General information: First Jewish presence: 1241; peak Jewish population: 53 in 1890; Jewish population in 1933: 44
Summary: Jews were massacred in Oberwesel during the Black Death pogroms of 1349. Although individual Jews settled in Oberwesel during the ensuing centuries (records from 1452 mention a synagogue), it was only in the 18th century that an actual community began to emerge there. Oberwesel’s Jewish cemetery was consecrated in the early 19th century, if not before. By 1836, the community had inaugurated a synagogue. Records from 1853 refer to a new synagogue, and we also know that in 1886, one year after the second synagogue burned down, the community built a new house of worship on Schaarplatz; the building housed a mikveh and a school for religious studies, the latter of which was presided over by a teacher who also served as shochet and chazzan. In 1933, 44 Jews lived in Oberwesel; five children received religious instruction. A women’s association and a chevra kadisha were active in the community that year. On Pogrom Night, the synagogue’s interior was destroyed, prayerbooksandTorahscrollswerethrownintoastreamand windows in Jewish-owned homes were smashed. Later, in 1940, the municipality appropriated the synagogue building. Oberwesel’s last Jews were deported to the East in 1942. At least 18 local Jews perished in the Shoah. The synagogue, renovated in 1957, accommodated a police headquarters and, later, a residence. Since 2007, the building has served as the headquarters of the Rabbi Hillel organization, which promotes Jewish-Christian dialogue; in honor of Oberwesel’s destroyed Jewish community, that organization has unveiled a memorial.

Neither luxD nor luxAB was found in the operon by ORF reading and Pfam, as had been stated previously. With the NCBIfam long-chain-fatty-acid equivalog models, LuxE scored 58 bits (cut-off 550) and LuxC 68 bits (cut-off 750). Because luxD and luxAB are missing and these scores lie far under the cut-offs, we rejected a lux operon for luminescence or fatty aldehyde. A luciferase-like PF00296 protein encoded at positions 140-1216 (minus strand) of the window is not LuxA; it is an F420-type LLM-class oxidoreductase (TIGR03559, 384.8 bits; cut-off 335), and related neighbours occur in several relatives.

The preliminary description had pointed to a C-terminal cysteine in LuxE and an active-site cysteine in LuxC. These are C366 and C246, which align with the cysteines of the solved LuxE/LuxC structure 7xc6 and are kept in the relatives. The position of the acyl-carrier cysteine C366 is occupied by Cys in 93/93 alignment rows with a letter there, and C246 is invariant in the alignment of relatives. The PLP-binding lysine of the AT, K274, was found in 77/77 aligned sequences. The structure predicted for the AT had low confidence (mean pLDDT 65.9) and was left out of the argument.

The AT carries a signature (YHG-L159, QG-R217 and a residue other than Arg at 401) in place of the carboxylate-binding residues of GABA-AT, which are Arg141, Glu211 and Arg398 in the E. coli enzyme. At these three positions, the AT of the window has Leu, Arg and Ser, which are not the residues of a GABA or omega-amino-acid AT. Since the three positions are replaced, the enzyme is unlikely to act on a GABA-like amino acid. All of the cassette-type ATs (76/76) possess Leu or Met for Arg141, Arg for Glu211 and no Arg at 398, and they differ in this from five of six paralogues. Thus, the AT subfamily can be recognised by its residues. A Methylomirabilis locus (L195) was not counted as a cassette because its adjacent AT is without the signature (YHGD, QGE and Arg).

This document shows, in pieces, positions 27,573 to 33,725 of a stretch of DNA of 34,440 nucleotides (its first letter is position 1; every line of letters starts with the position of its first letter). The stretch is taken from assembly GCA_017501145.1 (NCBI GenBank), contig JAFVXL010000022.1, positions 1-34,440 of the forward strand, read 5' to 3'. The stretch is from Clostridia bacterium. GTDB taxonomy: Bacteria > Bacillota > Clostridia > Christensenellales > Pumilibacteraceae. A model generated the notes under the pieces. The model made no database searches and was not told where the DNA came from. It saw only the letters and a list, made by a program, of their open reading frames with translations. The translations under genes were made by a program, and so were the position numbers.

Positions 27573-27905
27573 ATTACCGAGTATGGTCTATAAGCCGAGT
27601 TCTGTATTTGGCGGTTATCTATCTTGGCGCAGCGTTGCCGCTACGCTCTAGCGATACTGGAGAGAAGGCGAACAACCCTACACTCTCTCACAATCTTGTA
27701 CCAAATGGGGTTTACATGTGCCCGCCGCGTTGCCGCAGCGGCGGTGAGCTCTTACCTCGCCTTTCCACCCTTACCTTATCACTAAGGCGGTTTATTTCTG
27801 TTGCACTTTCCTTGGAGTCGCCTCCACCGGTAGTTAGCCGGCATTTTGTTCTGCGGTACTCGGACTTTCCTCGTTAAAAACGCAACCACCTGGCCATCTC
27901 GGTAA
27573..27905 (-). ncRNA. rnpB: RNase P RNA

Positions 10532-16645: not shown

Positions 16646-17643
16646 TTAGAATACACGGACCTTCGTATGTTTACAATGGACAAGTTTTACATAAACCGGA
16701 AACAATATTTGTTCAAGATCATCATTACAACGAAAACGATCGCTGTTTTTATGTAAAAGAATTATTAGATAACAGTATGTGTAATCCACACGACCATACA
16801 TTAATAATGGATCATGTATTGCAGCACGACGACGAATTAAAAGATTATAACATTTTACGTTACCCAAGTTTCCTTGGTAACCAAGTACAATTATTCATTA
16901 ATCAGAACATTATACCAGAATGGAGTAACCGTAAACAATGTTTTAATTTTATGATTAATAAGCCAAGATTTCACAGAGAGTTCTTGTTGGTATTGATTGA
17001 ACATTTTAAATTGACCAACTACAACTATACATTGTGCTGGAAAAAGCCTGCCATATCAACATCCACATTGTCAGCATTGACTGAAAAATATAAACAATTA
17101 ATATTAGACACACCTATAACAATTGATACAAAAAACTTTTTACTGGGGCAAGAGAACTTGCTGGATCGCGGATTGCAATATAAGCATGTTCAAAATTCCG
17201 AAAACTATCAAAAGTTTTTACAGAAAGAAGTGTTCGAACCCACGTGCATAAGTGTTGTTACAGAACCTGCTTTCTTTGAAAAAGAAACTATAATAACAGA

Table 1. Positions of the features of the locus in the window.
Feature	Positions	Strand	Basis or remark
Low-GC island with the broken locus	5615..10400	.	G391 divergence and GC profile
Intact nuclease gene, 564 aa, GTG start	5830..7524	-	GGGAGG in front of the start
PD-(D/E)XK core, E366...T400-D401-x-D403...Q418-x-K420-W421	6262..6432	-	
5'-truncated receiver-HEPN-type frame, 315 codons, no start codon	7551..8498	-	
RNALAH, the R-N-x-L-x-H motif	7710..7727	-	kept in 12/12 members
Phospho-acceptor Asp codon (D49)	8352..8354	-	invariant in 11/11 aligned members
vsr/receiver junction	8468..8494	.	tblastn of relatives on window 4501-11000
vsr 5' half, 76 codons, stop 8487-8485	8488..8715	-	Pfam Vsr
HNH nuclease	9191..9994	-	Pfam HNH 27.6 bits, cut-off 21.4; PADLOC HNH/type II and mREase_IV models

Photo: On the right, the synagogue of Oberwesel. The picture was taken during the flood of 1926. Courtesy of: Town Museum of Oberwesel.
Author / Sources: Yehoshua Ahrens
Sources: AJ, EJL